The hair on your arm crawls whenever you think of a flea. The terror that fleas can put you through is simply comparable to nothing; it is worse when you get to finally see it with your eye. Fleas’ sizes are not anywhere near comparable to the amount of anguish and damage they cause to both humans and pets. Apart from the discomfort and uneasiness of the itches, flea bites can cause serious infections that are life-threatening at some point. Fleas lay eggs in large numbers-ranging between four and eight after every time they feed- and they take several months to mature into adult fleas, dropping in large numbers enough to cause a severe infestation for an entire home!
Fleas are highly distinguished from other pets, thanks to their very peculiar body shape. They look somewhat deformed, complete with legs that are not proportional to each other. The hind legs are long, many times longer than the front legs, but this can only be seen when the flea takes its mighty leap (the primary mode of movement)
Fleas are tiny, so tiny that you might not see it clearly with the naked eye. You have to look very carefully, and know what to look for before you can tell it is a flea. They are approximately 2.5mm long or less depending on the flea type. Look out for a deep red color (because of the blood it sucks) or a red-brown color; an adult flea can be seen through a bright-colored pet’s fur.
Under the microscope, fleas have bodies covered in tiny smooth hairs that point backward. These allow for smooth operation as they move endlessly through the fur of pets or the soft wool in your carpet. Technically, fleas are incredibly streamlined to keep moving forward.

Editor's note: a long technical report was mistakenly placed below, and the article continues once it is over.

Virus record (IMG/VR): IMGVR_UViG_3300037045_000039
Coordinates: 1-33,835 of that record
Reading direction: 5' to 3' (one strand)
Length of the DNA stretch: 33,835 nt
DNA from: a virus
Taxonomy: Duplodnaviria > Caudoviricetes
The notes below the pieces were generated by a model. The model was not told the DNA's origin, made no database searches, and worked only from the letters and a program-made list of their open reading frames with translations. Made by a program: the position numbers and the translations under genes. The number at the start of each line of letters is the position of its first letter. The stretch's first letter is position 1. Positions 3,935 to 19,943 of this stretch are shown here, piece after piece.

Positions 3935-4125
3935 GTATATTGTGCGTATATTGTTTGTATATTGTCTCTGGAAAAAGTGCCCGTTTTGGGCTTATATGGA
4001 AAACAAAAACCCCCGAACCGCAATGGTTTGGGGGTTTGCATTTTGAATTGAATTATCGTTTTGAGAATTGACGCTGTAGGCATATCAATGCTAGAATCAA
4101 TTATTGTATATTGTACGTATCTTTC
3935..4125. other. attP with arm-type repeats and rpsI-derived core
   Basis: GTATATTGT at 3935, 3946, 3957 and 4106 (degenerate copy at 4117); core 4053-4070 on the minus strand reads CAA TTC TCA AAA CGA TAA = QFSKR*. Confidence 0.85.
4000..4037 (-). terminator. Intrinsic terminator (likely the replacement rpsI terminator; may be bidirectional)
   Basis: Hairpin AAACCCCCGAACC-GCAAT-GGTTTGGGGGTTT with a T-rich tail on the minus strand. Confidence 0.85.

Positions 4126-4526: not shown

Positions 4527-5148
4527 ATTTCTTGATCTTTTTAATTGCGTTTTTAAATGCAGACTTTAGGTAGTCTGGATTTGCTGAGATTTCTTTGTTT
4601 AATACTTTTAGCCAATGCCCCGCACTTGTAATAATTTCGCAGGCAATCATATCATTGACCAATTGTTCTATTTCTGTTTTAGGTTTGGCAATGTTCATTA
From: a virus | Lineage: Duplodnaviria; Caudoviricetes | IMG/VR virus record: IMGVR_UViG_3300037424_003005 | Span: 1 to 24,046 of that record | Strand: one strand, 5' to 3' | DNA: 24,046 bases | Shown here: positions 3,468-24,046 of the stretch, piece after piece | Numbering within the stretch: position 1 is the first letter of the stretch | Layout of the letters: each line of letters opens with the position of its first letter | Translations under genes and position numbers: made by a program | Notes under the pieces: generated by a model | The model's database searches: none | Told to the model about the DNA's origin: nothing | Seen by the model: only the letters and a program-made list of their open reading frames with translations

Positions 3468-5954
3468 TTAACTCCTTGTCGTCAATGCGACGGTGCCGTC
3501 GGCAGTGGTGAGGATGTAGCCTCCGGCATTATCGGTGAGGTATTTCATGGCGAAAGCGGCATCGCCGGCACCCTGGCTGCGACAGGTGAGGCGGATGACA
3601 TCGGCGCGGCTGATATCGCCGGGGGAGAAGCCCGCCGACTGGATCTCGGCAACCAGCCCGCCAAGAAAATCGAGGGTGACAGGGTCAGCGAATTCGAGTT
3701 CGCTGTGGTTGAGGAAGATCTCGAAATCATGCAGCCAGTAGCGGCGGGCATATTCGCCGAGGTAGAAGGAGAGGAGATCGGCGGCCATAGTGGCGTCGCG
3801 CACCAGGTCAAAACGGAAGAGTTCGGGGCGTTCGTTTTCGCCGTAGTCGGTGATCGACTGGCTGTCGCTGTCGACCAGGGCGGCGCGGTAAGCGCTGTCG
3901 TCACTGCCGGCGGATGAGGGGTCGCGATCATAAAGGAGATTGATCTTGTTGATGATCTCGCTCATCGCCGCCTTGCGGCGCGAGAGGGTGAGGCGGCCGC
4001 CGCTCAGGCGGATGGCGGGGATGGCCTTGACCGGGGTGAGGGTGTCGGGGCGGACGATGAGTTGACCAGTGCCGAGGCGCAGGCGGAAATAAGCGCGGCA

The body of a flea is covered in a hard external series of sclerites, which are basically some form of exoskeleton cartilages that are meant to protect it from any harm; however great. For the practical aspect of this, catch a flea (a tough thing to do) and try to squeeze it between your nails. Then release your nails and look; it will jump away unscathed. It is extremely hard to kill a flea with your bare hands, let alone catch one.
The mouth of the flea has been programmed in such a way that it has sturdy spikes around it, and one long hard sucker through which it sucks the blood out of its host upon biting. The sucker is very tiny, probably why the flea bites are extremely small and hard to see until you scratch them to reveal the little red lump.
Fleas move around by jumping; their legs have been built specifically to allow for that. Strong hind legs and strong front legs allow for a perfect combination of power and speed, and that is why if you see a flea, it will be long gone before you can take a second look at it.
A tip from the experts reveals that fleas love to move around when it is dark as opposed to when it is bright. So, if you want to know how a flea looks like to your human eye, sneak up on your pet with a torch; you will see it clearly.
More Flea Tips
Since a flea can hop up to six feet away, catching it to examine it might be a little tricky. There are other practical ways of knowing what they look like to your naked eye.
- They bite, and they bite hard. Just linger around your dog’s kennel with a part of your legs exposed. It will be a few seconds before one or more hungry fleas jump to feed on your blood!
- Check your feet around the ankles for tiny, red bumps. Flea bites are small but extremely itchy; this will prove to you there are fleas around you.
- Catch a bug and try squeezing it between your nails; if you crush it, that is no flea. But if it jumps away unharmed, that is a flea.
- Look through your pet’s fur, you might not make out the exact shape of a flea, but if you can see tiny reddish-brown figures under the skin, then you got fleas to handle.
Note: Prevention is always better than cure. There are many ways of preventing the infestation of fleas. But begin with the use of dog flea collars as recommended by experts. So far, they are the best at controlling these grotesque little terrorists in your pets and home at large.